My husband and I have a bit of an idealized vision of Austin, Texas. Billed as a family-friendly destination full of culture and music, he and I have discussed wistfully moving there in the past. However, we thought maybe we should visit it first to see what all the fuss was about.
For spring break, we packed up our toddler and 5-year-old and drove across country to spend some time in this artsy, multi-cultural city and found that it was full of fun for our family of four.
While moving will remain a dream (Let’s face it, I could never leave my family.), Austin is certainly a place worth visiting with the entire family. Here’s why…
Cathedral of Junk
Both my kids will tell you that this was their favorite thing about the vacation and asked if we could build our own Cathedral of Junk in the backyard.
I have to say, this was an impressive, quirky sight to see. Nestled in the privacy of someone’s backyard lies the Cathedral of Junk. It’s literally a three-story high sculpture made out of random junk the owner collected over the years. It has different rooms and you can climb up in it all the way to the top.
It was a literal playground, museum and art installation all in one place. The owner has been working on it for 30 years and it’s just continued to grow. He charges a donation of $5 per adult to get in and kids are free. This is something I think you could visits again and again on subsequent trips to see how it grows over the years.
Zilker Park is 351-acre park of wide-open spaces and sits across from Lady Bird Lake and just beyond Austin’s skyline. The park has miles of trails, gardens and waterways making it perfect for all kinds of outdoor activities like jogging, biking, swimming and more.
The park is a frequent hang out for dog lovers and my kids weren’t shy about asking to play with stranger’s animals. In fact, we had to stop for everyone we saw.
They also enjoyed just running through the acreage in general. Since we had such a long car ride their little legs needed all the exercise this place provided. We climbed on rocks, explored some trails and eventually ended up in the river to cool off a bit.
The park also hosts events year-round including a kite festival, the Austin City Limits Music Festival, theater events, blues sessions and holiday lights. See the full event calendar here.
Canoe or Kayak Trip
Inside Zilker Park you can find Zilker Park Boat Rentals and rent kayaks, canoes or stand-up paddle boards. We saw them but didn’t think it would be the right thing for our young kids. However, after they begged us, we gave in and rented a canoe for all of us.
I have to say this was one of the most fun family experiences I’ve ever had with my kids because they were literally experiencing canoeing for the first time. Obviously, you can do this in a lot of places but it’s so convenient to have it in Zilker Park.
My kids, just 2 and 5, were nervous about this trip but excited too. We were able to have the canoe for 2 hours and paddled up and down the river turtle water. The water is so clear in spots that you can watch all the turtles diving down to the bottom of the river.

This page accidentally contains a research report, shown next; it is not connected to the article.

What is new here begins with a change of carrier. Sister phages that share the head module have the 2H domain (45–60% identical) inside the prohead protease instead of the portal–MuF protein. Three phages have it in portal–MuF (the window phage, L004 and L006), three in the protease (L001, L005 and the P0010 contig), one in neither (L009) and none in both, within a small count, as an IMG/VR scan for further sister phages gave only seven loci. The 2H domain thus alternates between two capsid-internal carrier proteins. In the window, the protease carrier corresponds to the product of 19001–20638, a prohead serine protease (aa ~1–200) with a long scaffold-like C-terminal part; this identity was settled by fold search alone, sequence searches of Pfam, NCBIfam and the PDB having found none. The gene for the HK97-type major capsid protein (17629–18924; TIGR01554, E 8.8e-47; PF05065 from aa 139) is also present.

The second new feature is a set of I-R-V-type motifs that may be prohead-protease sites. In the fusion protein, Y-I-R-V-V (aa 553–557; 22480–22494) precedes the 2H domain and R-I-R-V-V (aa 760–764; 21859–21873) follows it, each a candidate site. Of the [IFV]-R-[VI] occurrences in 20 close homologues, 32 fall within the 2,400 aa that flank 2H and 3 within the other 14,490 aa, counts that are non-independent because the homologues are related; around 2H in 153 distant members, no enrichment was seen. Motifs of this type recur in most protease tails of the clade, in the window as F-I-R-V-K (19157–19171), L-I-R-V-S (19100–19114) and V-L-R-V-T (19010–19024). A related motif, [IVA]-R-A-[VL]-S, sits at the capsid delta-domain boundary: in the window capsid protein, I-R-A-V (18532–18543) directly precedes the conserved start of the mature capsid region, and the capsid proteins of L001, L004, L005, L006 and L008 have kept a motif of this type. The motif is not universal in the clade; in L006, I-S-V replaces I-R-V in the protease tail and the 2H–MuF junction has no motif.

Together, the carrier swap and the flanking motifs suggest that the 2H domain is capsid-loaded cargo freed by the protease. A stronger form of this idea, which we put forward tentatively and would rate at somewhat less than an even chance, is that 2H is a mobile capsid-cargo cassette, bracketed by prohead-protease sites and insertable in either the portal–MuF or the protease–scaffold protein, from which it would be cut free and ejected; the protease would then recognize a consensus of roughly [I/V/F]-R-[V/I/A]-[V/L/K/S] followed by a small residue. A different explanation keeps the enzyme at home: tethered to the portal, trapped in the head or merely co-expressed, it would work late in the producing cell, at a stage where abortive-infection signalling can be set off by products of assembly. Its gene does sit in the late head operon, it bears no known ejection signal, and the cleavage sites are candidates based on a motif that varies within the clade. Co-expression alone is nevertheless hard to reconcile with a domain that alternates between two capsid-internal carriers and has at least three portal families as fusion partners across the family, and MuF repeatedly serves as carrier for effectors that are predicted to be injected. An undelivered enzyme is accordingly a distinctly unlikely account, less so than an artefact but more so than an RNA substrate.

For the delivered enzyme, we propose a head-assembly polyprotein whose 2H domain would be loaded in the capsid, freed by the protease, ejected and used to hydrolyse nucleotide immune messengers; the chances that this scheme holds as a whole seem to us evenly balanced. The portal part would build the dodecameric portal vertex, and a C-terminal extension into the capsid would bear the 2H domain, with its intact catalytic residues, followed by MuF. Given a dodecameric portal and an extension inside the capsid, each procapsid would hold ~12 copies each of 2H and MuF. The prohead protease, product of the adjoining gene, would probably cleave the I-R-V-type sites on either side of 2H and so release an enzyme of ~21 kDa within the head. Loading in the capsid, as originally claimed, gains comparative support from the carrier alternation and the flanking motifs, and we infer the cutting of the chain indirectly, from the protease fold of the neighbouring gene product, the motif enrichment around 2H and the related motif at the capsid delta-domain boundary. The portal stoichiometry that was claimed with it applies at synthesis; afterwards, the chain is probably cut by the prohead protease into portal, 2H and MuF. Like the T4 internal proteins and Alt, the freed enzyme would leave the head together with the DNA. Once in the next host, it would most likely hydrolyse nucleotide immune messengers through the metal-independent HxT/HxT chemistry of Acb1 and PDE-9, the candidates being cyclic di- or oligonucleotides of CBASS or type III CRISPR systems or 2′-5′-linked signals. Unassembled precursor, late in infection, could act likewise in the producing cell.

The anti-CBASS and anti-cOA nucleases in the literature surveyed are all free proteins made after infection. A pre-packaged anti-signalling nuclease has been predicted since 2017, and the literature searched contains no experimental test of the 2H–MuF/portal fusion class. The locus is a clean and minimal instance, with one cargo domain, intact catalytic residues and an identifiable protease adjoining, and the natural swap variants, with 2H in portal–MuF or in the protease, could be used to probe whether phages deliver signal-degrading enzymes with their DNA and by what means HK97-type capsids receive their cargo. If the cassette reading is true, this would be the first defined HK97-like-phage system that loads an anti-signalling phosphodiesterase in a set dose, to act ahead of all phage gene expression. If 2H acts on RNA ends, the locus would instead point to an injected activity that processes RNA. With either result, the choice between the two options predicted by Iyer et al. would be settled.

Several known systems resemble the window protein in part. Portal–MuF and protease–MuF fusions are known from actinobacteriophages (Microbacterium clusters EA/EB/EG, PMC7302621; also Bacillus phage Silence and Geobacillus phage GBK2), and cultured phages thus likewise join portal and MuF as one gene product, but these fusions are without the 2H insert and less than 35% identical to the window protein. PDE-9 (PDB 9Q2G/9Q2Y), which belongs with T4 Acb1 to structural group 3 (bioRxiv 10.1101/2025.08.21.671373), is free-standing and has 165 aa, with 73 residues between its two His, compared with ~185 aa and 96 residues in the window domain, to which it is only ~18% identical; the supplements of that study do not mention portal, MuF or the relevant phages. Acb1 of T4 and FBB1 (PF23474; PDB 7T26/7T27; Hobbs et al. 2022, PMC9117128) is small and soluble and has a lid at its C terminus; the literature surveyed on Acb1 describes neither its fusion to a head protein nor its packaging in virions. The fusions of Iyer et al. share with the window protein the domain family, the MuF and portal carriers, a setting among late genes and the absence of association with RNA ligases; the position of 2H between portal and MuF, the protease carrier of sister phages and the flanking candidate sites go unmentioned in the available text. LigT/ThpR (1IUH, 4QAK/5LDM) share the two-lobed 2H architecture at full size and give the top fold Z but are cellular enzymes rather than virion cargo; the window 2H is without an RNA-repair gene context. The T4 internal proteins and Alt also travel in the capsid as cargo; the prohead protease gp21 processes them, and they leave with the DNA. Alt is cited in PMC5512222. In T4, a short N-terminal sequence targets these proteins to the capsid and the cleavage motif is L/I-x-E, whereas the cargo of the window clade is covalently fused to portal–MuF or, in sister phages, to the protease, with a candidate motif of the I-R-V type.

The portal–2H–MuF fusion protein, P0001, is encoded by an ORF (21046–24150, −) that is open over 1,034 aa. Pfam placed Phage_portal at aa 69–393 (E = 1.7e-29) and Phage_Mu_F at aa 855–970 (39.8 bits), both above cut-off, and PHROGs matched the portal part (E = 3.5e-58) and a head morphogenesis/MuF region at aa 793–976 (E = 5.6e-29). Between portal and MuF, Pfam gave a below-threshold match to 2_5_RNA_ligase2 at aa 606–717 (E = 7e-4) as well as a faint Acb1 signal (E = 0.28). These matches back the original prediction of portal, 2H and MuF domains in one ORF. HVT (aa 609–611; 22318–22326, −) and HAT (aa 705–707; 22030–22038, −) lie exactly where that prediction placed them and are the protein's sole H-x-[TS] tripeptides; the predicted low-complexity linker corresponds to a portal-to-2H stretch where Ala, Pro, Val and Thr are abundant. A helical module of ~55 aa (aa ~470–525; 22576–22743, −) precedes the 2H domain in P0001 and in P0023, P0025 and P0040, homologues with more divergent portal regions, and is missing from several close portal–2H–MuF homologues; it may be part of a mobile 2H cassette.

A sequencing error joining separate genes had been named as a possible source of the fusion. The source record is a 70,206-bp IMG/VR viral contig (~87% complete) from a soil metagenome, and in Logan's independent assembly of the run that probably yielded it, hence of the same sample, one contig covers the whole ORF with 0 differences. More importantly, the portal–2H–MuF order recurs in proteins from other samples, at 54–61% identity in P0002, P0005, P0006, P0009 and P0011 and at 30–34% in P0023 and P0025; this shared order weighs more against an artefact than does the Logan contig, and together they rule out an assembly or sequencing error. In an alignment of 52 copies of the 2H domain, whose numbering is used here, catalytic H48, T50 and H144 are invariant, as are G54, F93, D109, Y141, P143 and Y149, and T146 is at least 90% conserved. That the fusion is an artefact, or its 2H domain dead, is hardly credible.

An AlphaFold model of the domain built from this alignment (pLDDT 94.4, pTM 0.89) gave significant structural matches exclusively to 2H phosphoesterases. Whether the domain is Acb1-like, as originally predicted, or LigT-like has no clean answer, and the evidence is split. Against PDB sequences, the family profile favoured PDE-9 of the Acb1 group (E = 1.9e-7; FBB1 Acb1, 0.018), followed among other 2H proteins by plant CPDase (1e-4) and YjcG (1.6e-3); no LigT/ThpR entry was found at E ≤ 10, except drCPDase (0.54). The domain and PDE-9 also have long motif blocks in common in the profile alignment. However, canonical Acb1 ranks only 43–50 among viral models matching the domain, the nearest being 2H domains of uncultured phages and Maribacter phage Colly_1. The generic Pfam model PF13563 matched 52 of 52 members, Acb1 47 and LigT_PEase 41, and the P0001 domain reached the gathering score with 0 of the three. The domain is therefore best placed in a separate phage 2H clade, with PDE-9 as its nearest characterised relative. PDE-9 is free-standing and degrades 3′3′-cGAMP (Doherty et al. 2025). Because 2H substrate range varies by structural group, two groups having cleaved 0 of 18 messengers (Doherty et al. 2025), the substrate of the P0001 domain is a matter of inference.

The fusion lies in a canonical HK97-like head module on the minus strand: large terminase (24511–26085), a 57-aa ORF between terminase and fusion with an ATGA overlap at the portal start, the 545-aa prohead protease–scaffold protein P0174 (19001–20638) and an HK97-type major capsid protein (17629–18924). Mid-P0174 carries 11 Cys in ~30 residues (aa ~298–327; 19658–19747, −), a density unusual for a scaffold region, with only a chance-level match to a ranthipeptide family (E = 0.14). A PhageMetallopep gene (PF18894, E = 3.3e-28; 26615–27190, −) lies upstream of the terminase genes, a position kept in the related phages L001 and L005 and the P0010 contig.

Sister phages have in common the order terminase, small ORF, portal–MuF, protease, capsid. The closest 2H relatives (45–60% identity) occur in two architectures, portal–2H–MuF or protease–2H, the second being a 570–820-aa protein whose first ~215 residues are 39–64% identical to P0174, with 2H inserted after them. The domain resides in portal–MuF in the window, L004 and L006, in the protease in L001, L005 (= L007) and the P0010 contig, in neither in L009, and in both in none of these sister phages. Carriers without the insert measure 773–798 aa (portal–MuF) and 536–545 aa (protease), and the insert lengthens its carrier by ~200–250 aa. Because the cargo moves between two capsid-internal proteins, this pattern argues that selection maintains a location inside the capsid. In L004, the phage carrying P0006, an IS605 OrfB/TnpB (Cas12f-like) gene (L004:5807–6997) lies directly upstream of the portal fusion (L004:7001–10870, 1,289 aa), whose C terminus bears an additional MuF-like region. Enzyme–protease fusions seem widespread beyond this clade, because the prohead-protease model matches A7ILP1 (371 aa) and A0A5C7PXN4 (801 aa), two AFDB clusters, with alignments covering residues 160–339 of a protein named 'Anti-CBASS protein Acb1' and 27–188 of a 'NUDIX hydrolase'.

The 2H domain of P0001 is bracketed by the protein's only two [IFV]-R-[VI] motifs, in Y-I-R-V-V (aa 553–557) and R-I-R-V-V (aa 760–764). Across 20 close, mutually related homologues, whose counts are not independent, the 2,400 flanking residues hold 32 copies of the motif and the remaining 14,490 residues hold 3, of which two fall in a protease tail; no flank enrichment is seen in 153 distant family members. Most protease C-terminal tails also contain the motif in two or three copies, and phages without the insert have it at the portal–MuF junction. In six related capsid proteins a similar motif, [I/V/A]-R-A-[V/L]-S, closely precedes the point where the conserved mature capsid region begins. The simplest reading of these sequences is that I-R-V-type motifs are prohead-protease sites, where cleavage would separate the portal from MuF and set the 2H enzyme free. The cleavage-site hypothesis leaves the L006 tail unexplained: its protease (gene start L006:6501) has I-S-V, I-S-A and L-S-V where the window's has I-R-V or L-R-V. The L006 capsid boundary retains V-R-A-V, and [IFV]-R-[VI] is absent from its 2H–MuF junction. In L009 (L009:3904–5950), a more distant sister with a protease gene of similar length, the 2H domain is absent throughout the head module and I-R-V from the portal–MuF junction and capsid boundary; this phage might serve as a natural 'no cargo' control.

Barton Springs “Pool” is a pool that’s three acres in size and made from underground springs. It is 68-70 degrees in temperature year-round so I’m sure it feels great in the Texas summers. Depths of the pool range from 0 to 18 feet so make sure your kids are wearing the appropriate swim gear to keep them safe (vests and floaties) and have an adult with them.
The springs are home to the Barton Springs Salamander, which is an endangered animal and the pool is it’s federally protected habitat. There is also an educational exhibit where visitors can learn more about the pool, it’s history and the springs that feed it.
The pool is closed form maintenance every Thursday from 9 a.m. – 7 p.m. You will need your own towels. You should plan a day or afternoon here the same as you would if you were going to the beach or any public pool.
Austin is known for its artsy scene. All around the city you will find graffiti art that helps to give the city it’s vibe. It’s fun to just drive around the city and see what you can see but you can also make it into a scavenger hunt of sorts to find some of the city’s favorites.
Some of the most popular sites include:
I Love You So Much – 1300 S. Congress
In 2010, a local musician Amy Cook scrolled the words, “I Love You So Much,” as a message to her partner and owners of Jo’s Coffee. The love letter went viral and since then hundreds of thousands of people have gone to see it to have their photo snapped there. We were no exception.
You’re My Butter Half – 2000 E. MLK Blvd.
The United Way unveiled this in 2012 as part of a rebranding effort and it’s become a spot of joy and fun for the community. It’s out of the way of traffic so it makes it a great spot to snap a few photos.
Jeremiah the Innocent – W. 21st Street and Guadalupe Street